As Celtics' injuries pile up, losing Marcus Smart would be too much to overcome

The Celtics' rotten injury luck started five minutes into the season, when Gordon Hayward went down with that gruesome broken ankle. Now it's picking back up at the worst time. With the playoffs right around the corner, Kyrie Irving is out for now with knee soreness, Jaylen Brown is out indefinitely with a concussion after taking that nasty fall on his head and upper back, Daniel Theis is reportedly done for the season with a torn meniscus, and now come perhaps the worst news of all. 

Marcus Smart may be done for the year

This isn't a sure thing. The Celtics reportedly just don't know. They're waiting for a second opinion on the torn tendon in Smart's right thumb. But as far as probabilities go, this doesn't sound great:

Now, before we go off the deep end, let's keep things in perspective. Irving is day to day, and the Celtics are confident it's just a tendinitis issue with his knee, so he should be fine for the playoffs. Brown will presumably be back by mid-April as well. Theis has been a surprisingly key big man off the bench, and he'll be missed for sure, but Greg Monroe should be able to reasonably replace at least some of what he brought. And besides that, losing Theis is not going to be the difference between competing for a championship and not. 

Smart is a different story. 

Smart has long been a basketball enigma, a terrible shooter who for significant stretches of the season has made the Celtics a better offensive team when he's on the floor, a terrific defender who at times doesn't actually impact the defensive numbers all that much (though entering Tuesday Boston is now four points stingier on defense when Smart is on the floor). 

The bottom line is this: Smart is a basketball player, the Celtics are a team full of basketball players, and in this way, he is the Celtics. The proverbial heart and soul. The immeasurable, and invaluable, commodity. Losing him would very likely be too much to overcome in terms of the Celtics competing for a title, which they're already a long shot to do in the first place.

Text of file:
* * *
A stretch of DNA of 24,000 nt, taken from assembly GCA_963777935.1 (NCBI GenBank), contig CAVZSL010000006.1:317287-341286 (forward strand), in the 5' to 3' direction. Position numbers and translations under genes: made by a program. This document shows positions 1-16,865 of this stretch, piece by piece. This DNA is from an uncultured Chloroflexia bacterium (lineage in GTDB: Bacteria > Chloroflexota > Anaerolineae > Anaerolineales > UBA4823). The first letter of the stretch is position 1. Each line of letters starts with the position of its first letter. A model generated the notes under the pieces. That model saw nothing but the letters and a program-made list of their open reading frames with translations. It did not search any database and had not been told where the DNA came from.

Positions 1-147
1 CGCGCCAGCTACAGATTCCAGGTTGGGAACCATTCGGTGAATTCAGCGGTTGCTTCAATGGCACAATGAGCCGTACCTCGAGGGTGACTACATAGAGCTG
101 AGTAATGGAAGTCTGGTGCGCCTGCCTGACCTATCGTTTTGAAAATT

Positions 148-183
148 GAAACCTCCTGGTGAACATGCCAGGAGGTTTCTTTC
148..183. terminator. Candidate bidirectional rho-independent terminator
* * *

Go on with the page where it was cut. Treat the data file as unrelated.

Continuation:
When it gets down to it in the conference finals, or the Finals if they were to make it that far, the Celtics are not going to out-talent the elite teams, though their collective talent isn't that far off the elite tier. Irving is an All-NBA player. Brown and Jayson Tatum will both be All-Stars in the near future. Al Horford is a Defensive Player of the Year candidate and one of the best passing bigs in the league. Terry Rozier is one of the best bench guards in the NBA. But Smart is the one who tends to bring it all together. 

He's going to get you the extra possessions. He'll win you the swing defensive possession. And, yes, he'll get you a big bucket when you need it. He's good with the ball in his hands. There are loads of guys who shoot better than him who simply don't impact the offense the same way. It doesn't make sense on paper, but it's real. And the Celtics, if Smart is in fact out for a significant amount of time, will miss him tremendously. 

Put it like this: If Smart were to be ruled out for the year, and the Celtics were to face, say, the Sixers in a first-round matchup, that could very well turn into a coin-slip series. That's the difference Smart could make. A team that could compete for a berth in the Finals would be battling for all its worth to get out of the first round. Heck, they might find themselves in a six- or seven-game war with Philadelphia with Smart. 

As it stands entering Tuesday, the Celtics would match up with Milwaukee in the first round. That is also a very scary matchup for Boston. For anyone, really, given Giannis Antetokounmpo's presence and all their length on the perimeter. That series could very well come down to the wings sort of canceling each other out, the Celtics having an advantage with Kyrie, and the Bucks having a giant advantage with Giannis. 

Smart could be the swing player in a series like that. 

Really, that's what he is: A swing player. The difference between winning and losing. Honestly, if he's just on the court the Celtics will take it. Even if he's not 100 percent, he's a guy that will pretty much grind the same way. The injury is on his shooting hand, but Smart can't shoot anyway. We'd have to see how it affected his ball handling. Anyone who's watched him even a little bit knows he'll be aggressive either way. 

That, in fact, is one of Smart's best qualities. He will take his shot every time it's there, numbers be damned. And that keeps a defense honest. Coach Brad Stevens has said he trusts Smart to make the ones that count, and that keeps defenses honest, too. Smart has that feel of a player that will hurt you if you neglect him. Somehow. Some way. If he's not in there, the only ones hurting are going to be the Celtics. 

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